(CNN) — Heavy rainfall that’s caused unrelenting flooding in South Florida since Tuesday is drenching the state for a fourth consecutive day Friday. The days of deadly, torrential storms have turned roads into canals and forced some residents to stand on the roofs of their cars or trudge through waist-deep waters.

Two people were killed in a weather-related vehicle crash late Wednesday afternoon southeast of Fort Myers, according to the Florida Highway Patrol. Identified only as a 35-year-old woman and a 25-year-old-man, the two died after their vehicle “lost control due to weather” conditions and crashed into opposing traffic, the FHP said. Two others were injured in the crash.

Since heavy rain started swamping the region Tuesday, the flooding has become waist-deep in some places. Hazardous conditions on streets and roadways have stranded drivers and made roads impassable. And they’ve forced some schools in hard-hit counties to shutter and hundreds of flights to be canceled or delayed.

With tropical moisture still streaming over South Florida, the Weather Prediction Center has issued a level 3 of 4 flood threat Friday – just one level lower than the rare high risk of excessive rainfall seen Thursday.

Robust tropical moisture fueling the soaking storms slowly starts to shift out of the area over the weekend, but Friday marks yet another drenching day for South Florida. By week’s end, multiple cities could see more than 2 feet of rain.

“Even moderate rain rates are likely to cause additional flash flooding, as any rainfall will be unable to drain” due to ongoing flooding, the WPC warned Friday.

Flood watches remain in effect for over 7 million people across South Florida, including in Miami and Fort Lauderdale, through Friday evening. An additional 2 to 4 inches or more of rainfall is expected through Friday night. Thunderstorm activity is expected to diminish over the weekend, but any rain Saturday or early Sunday could worsen ongoing flooding issues.

Florida Gov. Ron DeSantis declared a state of emergency for Broward, Collier, Lee, Miami-Dade and Sarasota counties, and officials have urged locals to stay at home instead of walking or driving through the floodwater, which has covered streets and seeped into homes. Many cities have been distributing sandbags to residents to help combat the rising floodwaters.

Flooding brought back familiar dangers for Florida residents

With flooding from the rainfall deluging South Florida since Tuesday morning, footage on social media has shown water levels in the area reaching to vehicles’ windows and filling up parking decks and neighborhood streets.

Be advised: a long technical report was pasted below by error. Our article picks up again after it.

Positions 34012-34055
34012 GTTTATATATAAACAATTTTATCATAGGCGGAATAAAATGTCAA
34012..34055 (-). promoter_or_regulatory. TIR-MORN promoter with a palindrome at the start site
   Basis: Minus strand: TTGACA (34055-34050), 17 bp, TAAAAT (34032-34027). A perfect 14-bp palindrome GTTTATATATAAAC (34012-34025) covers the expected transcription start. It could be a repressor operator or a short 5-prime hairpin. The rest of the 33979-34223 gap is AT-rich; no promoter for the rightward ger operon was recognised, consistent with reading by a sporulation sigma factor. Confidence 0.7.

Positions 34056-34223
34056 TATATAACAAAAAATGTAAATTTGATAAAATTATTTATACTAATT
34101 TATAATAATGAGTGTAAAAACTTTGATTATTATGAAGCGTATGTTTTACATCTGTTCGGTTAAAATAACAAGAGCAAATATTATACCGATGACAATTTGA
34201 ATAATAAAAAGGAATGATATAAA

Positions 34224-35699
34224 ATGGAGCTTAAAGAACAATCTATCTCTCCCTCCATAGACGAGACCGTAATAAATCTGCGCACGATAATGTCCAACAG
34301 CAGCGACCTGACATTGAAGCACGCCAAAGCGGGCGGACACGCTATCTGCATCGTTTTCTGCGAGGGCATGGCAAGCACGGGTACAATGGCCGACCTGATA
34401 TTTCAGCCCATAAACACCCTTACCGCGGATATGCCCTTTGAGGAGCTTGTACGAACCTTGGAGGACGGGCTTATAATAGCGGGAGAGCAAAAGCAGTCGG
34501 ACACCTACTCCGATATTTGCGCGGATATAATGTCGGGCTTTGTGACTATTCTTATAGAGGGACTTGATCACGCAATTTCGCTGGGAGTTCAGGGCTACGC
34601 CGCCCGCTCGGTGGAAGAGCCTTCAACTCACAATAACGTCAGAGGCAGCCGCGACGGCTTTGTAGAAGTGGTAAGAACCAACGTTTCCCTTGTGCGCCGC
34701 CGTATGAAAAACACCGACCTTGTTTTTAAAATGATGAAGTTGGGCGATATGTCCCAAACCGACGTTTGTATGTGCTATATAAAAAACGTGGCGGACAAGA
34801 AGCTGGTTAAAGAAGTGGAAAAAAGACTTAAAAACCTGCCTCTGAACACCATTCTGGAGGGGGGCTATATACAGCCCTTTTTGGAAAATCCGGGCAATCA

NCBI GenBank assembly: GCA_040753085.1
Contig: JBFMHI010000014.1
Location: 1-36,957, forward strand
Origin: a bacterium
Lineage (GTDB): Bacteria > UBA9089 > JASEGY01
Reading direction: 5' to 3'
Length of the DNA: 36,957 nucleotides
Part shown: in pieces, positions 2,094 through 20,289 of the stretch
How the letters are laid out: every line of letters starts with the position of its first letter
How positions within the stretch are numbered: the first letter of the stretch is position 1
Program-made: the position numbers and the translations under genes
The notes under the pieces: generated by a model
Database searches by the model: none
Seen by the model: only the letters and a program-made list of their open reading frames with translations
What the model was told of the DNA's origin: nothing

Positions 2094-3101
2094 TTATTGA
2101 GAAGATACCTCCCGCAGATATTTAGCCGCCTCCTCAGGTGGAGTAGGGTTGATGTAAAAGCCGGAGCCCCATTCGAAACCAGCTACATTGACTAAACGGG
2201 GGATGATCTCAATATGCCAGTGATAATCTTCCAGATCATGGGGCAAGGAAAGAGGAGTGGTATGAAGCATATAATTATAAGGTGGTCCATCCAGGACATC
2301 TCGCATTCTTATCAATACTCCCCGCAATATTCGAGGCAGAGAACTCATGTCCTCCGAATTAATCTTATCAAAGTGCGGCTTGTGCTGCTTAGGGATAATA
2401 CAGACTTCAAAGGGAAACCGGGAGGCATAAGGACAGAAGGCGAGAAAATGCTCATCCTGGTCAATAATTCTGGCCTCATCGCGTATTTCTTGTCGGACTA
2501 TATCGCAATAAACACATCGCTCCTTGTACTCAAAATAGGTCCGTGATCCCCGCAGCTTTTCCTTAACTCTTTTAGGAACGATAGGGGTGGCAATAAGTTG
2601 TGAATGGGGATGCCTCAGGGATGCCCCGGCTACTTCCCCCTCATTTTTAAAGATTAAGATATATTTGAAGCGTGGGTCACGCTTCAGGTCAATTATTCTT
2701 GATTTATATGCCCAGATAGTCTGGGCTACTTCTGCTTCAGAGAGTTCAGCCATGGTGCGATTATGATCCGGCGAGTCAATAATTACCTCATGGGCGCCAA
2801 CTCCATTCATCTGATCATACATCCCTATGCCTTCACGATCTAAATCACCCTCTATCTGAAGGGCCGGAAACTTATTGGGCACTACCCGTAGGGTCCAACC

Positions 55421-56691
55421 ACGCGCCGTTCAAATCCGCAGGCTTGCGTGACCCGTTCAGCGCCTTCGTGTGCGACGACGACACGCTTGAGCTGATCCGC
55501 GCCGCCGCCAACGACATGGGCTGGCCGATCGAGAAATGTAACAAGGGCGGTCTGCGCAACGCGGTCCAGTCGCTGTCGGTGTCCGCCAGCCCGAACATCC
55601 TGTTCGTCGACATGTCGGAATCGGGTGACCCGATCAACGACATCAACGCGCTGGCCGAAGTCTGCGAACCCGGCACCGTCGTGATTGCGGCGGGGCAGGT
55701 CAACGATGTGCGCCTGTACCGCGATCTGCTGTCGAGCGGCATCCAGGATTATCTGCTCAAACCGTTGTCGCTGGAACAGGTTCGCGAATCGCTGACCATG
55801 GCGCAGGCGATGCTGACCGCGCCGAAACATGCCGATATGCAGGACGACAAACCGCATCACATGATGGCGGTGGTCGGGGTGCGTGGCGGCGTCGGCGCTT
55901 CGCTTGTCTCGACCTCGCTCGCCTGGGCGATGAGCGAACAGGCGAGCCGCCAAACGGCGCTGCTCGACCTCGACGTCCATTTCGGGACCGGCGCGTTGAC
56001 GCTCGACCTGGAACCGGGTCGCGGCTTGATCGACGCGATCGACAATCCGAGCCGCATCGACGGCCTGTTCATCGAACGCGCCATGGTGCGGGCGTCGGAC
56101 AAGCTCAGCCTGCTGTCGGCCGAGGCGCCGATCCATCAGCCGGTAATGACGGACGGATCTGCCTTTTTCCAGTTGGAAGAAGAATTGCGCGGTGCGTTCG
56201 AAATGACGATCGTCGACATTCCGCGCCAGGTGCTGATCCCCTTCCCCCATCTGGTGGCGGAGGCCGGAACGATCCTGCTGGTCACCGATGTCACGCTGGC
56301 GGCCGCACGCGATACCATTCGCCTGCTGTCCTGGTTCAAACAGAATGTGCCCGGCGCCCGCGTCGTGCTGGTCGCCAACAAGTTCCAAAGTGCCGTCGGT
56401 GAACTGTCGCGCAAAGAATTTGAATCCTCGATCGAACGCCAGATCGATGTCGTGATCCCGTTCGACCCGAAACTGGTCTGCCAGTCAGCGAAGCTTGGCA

Notably, many South Florida residents had just finished repairing their homes after catastrophic flooding in April 2023, only to find water lapping at their doorsteps this week.

In Miami, video showed stranded cars that were nearly entirely submerged under water. One area family’s yard looked like a lake as belongings floated outside and were pulled from the standing water, according to CNN affiliate WSVN.

“I’m scared,” 11-year-old Somaya Ferdinand told WSVN as she waded through thigh-high water outside her home in Northeast Miami-Dade. “It looked like a swimming pool.”

And in Hallandale Beach, just north of Miami, footage showed one man kayaking among cars as high waters flooded parts of the city. Some mobile home parks were underwater, said Broward County Sheriff’s Office Fire Rescue Battalion Chief Michael Kane.

Severe flooding there on Wednesday covered cars up to their windshields, forcing some drivers to abandon their stalled-out vehicles and wade to safety. Others had to be rescued.

“We had to use our boats to rescue people standing on top of the roofs of cars,” Kane told CNN. Kane’s office received 175 calls for help in Hallandale Beach alone.

Anna Rysedorph, a resident of the Broward County neighborhood of Edgewood, prepared for the worst as water circled her ankles in her home.

“I put the dogs in, I’m all packed up. I pretty much got everything in bins and we’re ready to go,” Edgewood resident Anna Rysedorph told CNN affiliate WSVN Wednesday. “My husband’s like ‘Don’t panic, don’t panic,’ but you know, I’m not gonna be caught unprepared.”

Severe storms to impact High Plains, Northeast and mid-Atlantic Friday

As Florida deals with the deluge, a severe thunderstorm threat is ramping up for the Northern and Central High Plains and portions of the Northeast and Mid-Atlantic on Friday.

Thunderstorms are expected across parts of Colorado, Nebraska and Kansas beginning Friday afternoon and continuing into the evening, according to the National Weather Service. Large hail and damaging wind gusts are the main threats with any storms in the region through Friday night.

Severe thunderstorms in the East are expected to develop over western Pennsylvania Friday afternoon and spread into the Northeast and mid-Atlantic Coast during the evening. Damaging wind gusts are the main threat, but a few storms could also unload hail.

Major I-95 cities like Washington, DC, Baltimore, Philadelphia, New York City and Boston could be in the path of strong storms.

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